- Thinning of the bones (osteoporosis) and increased risk of breaking a bone.
- Effects on the skin, such as skin thinning, impaired healing, acne, bruising, stretch marks, increased sweating, change in pigmentation, increased hair growth (hirsutism).
- Psychiatric reactions, such as mood changes (including irritability, depression and suicidal thoughts), psychotic reactions (including mania, delusions and hallucinations), anxiety, confusion, memory loss, sleep disturbances.
- Cushing's syndrome, characterised by a moon-shaped face.
- Menstrual disturbances.
- Sodium and water retention.
- Increase in blood pressure (hypertension).
- Decrease in the level of potassium in the blood.
- Decrease in the production of natural steroids by the adrenal glands.
- Effects on the eyes, such as raised pressure inside the eye (glaucoma), cataracts.
- Slowed growth in children and adolescents.
- Blood clots in the blood vessels (thromboembolism).
The side effects listed above may not include all of the side effects reported by the medicine's manufacturer. For more information about any other possible risks associated with this medicine, please read the information provided with the medicine or consult your doctor or pharmacist.
If you think you have experienced a side effect from a medicine or vaccine you should check the patient information leaflet. This lists the known side effects and what to do if you get them. You can also get advice from your doctor, nurse or pharmacist. If they think it's necessary they'll report it for you.
How can Colifoam affect other medicines?
As this medicine could be absorbed into the bloodstream it is important to tell your doctor or pharmacist what medicines you are already taking, including those bought without a prescription and herbal medicines, before you start treatment. Similarly, check with your doctor or pharmacist before taking any new medicines while using this one, to ensure that the combination is safe. If absorbed into the bloodstream in sufficient amounts hydrocortisone can have the effects on other medicines listed below.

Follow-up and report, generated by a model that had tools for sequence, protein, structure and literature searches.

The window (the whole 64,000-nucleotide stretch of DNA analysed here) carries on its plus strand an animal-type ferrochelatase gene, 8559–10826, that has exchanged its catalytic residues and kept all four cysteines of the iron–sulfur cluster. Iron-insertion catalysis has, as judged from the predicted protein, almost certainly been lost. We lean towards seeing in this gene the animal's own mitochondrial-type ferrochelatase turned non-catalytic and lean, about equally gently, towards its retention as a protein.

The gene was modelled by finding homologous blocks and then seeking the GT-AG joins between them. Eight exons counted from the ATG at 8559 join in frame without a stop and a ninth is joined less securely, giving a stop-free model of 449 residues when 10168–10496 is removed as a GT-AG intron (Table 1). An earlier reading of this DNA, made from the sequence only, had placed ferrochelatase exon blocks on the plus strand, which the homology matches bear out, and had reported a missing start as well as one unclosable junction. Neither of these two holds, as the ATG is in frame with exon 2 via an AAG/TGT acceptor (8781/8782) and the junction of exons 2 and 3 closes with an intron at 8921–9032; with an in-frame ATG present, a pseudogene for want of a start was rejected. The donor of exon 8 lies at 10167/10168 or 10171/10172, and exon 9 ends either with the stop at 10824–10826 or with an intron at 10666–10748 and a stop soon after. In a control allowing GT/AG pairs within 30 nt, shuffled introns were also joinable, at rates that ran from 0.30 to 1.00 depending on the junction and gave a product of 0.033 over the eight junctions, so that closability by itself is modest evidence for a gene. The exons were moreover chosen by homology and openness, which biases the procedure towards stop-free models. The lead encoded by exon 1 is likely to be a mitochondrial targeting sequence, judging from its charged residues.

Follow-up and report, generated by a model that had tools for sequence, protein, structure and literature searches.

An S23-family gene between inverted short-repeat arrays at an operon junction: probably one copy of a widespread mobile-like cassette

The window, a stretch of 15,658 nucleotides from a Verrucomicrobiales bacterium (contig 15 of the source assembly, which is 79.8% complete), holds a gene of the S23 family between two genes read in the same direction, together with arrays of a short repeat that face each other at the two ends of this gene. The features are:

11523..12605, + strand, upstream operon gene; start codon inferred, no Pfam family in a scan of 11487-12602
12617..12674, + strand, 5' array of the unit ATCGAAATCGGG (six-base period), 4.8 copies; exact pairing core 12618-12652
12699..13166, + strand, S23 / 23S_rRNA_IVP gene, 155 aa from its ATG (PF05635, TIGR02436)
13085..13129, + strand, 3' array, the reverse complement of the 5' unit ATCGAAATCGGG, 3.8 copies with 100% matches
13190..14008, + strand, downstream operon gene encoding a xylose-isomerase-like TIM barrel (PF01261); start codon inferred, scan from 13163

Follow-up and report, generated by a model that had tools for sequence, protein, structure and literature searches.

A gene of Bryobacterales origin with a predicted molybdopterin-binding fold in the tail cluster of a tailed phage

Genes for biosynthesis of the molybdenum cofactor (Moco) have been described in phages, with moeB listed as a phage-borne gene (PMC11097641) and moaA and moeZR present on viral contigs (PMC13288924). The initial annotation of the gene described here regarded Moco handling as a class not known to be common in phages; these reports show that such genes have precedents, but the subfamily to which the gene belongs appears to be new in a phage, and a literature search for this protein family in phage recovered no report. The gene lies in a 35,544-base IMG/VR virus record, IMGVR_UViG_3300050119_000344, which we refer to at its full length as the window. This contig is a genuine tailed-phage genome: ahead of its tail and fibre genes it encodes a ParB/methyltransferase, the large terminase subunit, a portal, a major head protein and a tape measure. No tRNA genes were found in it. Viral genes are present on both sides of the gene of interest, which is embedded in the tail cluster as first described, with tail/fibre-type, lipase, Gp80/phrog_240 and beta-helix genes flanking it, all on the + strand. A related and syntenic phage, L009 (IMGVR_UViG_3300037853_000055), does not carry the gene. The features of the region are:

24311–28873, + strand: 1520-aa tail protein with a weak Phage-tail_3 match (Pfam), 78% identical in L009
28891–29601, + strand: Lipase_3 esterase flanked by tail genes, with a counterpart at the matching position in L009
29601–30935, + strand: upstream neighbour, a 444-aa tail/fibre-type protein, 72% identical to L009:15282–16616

Hydrocortisone can cause fluid and salt retention and so may oppose the effects of the following medicines:
- antihypertensive medicines used to treat high blood pressure
- diuretics, eg furosemide.
- Hydrocortisone may increase blood sugar levels and so may oppose the blood sugar lowering effects of antidiabetic medicines. People with diabetes may need an increase in their dose of insulin or antidiabetic tablets.
There may be an increased chance of the level of potassium in the blood falling too low (hypokalaemia) if hydrocortisone is used in combination with any of the following medicines, which can also lower the amount of potassium in the blood:
- beta agonists, eg salbutamol, salmeterol, terbutaline
- potassium-losing diuretics, eg furosemide, bendroflumethiazide
If the level of potassium in your blood falls during treatment, this can increase the risk of side effects on the heart caused by a medicine called digoxin.
Hydrocortisone may enhance the anti-blood-clotting effect of anticoagulant medicines such as warfarin. People taking anticoagulant medicines in combination with hydrocortisone should have their blood clotting time (INR) regularly monitored, particularly after starting or stopping treatment with hydrocortisone and after any dose changes.
If hydrocortisone is used in combination with non-steroidal anti-inflammatory drugs (NSAIDs) eg ibuprofen, there may be an increased risk of side effects on the gut, such as stomach ulceration and bleeding.
Hydrocortisone may decrease the blood levels of salicylates such as aspirin. When hydrocortisone is stopped, this may result in excessive levels of the salicylate, unless the dose is readjusted.
The following medicines may increase the removal of hydrocortisone from the body, thus reducing its effects:
- barbituates, eg amobarbital, phenobarbital
The effect of corticosteroids may be reduced in the three to four days following use of mifepristone.
The following medicines may reduce the removal of hydrocortisone from the body and so may increase its effects or side effects:
- ciclosporin (hydrocortisone may also increase the blood level and risk of side effects of ciclosporin)
- macrolide-type antibiotics, eg erythromycin
- protease inhibitors such as ritonavir.
Hydrocortisone may decrease the body's immune response. This means that vaccines may be less effective if given during treatment, because the body does not produce sufficient antibodies. Live vaccines may cause serious infections. Live vaccines include: measles, mumps, rubella, MMR, BCG, chickenpox, oral polio, oral typhoid and yellow fever. These should not be given to people whose immune system is underactive due to treatment with this medicine.